Sunday, November 18, 2007

The Breaking of the Hour...Part 3!

Writer's Note: Pardon the delay, due to the interference of a Haitian lizard-god and its witch-doctor's foul curses.

* * *

Splintering inward like a rotten door, the wall imploded in shards of brick and glass. Slade covered his face while pulling the stunned professor to the floor. When the tinkling of falling debris had stopped, the screaming started in the street. Panicked voices of men, the wails of women and children, sirens in the distance - and behind it all was the crackle of a burgeoning inferno.

Chicago was on fire.

"Rick *cough* are you-?"

"I'm fine, Mack. Stay behind the desk."

Pulling a gun from under his jacket, Slade approached the jagged opening in the wall and looked out.

His heart pained to see his city this way. A long strand of iron scaffolding, bent and blackened by heat, lay in the middle of the street, straddling the remains of several exploded cars. Buildings around showed signs of damage, as from bombing. He looked up, but saw no planes, just the rising plumes of smoke from nearby streets.

"Devastation stretches for a least three blocks east and longer north and south. We're on the edge."

Slade's eyes followed the smoke and saw a black metallic disk move across the sky and against the wind. His cursing startled the professor into standing.

"God above, Rick, what's wrong?!" Mack joined him at the window.

Slade pointed at the disk. "Max Hitler. This was his doing." He stormed through the wreckage of the lab towards a fallen glass container. He popped the clasp and took out the watch.

"I don't know how to use this, but if I can hop through time, I'll stop him."

"Be careful, Rick! It took you to him once, and if I know my super-science it will again."

Smiling, wicked and eager, Slade strapped the watch on. "That's just what I want."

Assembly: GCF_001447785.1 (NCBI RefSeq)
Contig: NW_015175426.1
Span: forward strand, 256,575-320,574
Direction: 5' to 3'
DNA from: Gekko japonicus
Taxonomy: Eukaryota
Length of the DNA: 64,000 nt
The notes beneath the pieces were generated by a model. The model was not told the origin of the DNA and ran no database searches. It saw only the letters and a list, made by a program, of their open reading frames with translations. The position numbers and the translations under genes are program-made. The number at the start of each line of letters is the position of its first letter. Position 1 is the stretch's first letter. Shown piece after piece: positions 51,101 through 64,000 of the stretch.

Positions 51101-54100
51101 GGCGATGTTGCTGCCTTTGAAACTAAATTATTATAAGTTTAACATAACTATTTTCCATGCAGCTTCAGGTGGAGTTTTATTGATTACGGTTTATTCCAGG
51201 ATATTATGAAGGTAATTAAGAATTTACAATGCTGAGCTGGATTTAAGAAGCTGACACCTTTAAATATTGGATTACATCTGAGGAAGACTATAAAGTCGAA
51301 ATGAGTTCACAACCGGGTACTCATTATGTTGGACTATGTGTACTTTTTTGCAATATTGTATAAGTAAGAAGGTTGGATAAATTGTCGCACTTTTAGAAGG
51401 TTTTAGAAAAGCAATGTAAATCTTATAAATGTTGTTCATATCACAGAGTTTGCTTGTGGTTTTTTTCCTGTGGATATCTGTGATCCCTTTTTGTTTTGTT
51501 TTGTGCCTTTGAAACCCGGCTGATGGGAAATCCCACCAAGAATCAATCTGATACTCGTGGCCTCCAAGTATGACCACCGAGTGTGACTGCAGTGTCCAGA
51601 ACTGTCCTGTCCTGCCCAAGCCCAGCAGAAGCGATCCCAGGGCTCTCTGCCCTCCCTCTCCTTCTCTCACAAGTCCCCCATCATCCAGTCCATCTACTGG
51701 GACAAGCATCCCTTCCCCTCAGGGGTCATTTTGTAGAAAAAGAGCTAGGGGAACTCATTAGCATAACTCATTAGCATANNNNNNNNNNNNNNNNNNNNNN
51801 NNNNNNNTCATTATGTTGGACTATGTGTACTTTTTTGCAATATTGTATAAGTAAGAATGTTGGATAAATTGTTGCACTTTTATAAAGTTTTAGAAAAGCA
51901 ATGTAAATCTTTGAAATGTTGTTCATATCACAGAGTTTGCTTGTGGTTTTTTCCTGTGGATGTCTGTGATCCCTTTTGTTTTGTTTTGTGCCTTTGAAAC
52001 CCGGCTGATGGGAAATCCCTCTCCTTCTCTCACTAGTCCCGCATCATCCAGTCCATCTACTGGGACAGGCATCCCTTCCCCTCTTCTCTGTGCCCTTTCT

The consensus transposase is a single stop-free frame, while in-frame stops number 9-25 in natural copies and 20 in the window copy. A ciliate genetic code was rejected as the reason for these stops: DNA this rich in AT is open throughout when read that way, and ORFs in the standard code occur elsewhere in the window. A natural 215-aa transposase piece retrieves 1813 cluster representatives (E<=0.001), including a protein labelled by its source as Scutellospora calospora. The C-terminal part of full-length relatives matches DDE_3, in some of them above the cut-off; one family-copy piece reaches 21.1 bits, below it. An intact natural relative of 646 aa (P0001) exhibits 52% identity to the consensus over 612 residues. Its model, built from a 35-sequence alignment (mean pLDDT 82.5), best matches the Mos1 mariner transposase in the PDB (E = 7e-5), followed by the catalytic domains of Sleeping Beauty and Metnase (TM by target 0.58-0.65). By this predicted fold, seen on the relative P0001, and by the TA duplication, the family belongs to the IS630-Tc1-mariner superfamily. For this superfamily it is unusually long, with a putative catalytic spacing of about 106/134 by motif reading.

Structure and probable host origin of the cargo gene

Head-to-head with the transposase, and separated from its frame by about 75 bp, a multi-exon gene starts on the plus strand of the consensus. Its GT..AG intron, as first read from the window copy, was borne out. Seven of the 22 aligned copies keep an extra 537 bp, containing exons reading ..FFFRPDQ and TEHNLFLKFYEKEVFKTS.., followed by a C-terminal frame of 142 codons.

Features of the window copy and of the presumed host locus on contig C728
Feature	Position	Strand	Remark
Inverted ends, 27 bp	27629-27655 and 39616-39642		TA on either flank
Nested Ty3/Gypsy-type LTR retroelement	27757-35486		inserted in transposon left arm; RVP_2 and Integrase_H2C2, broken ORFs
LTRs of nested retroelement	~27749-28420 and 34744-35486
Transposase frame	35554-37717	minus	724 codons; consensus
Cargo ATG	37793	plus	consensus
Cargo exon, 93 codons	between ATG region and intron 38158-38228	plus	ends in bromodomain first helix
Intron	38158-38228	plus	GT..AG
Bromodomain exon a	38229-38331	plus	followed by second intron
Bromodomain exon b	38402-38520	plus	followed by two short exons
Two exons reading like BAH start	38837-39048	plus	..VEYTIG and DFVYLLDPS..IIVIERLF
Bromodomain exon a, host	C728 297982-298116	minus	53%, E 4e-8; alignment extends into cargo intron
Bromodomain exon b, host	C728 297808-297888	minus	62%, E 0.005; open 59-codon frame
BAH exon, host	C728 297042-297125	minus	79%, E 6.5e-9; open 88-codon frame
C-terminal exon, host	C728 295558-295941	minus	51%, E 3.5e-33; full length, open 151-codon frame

In a flash of light and the rushing of water, he was gone.

* * *

It was yesteryear, and not apple pies and Grandma. The sky was a bleak grey like overwashed clothes. Slade braced himself against an alley wall and stared out at the plaza before him. He'd been here, but long ago.

Friedrichshafen, Germany. Home to the famous Zeppelins.

In the distance, Slade saw the completed shape of a zeppelin. Noting a newspaper at his feet, it was probably the Graf Zeppelin II, sister-ship to the Hindenburg. 1938. The country was on the eve of war, but that wasn't something Slade could stop. He had to find Max, if Max were here.

And he was sure the slippery Nazi was, though what was he doing here and what it had to do with that...explosion was…. An ominous bolt slammed home in his head.

He left the alley at a dead run towards the airfield on the edge of town. American had been spared large-scale tragedy when the Hindenberg erupted in fire over a largely empty airfield. The floating bomb taunted him, its duralumin ribs standing out even at this distance, heat-treated alloy framework just waiting to crash into the city streets of Chicago. He would stop it; there was no choice.

A gun's CRACK, followed after a moment by several more, split the day, pedestrians flinching at each one as they hurried their way to the market or work or home. The shots came from the direction of the zeppelinfield and no doubt heralded Max Hitler’s arrival. "God, I hope he brought friends." After seeing the charnel house outside Mack Andersen’s window, Slade felt eager to return the kindness of a horrific death.

"Herr Slade! Achtung, Herr Slade!" The voice called from behind him, accompanied by the stomping of many booted feet.

Slade stopped in his tracks and turned around. A small group, a dozen maybe fifteen, all SS; they were more familiar than the town.

"Herr Thomas, so nice to see you," Slade said in German. "How long has it been?"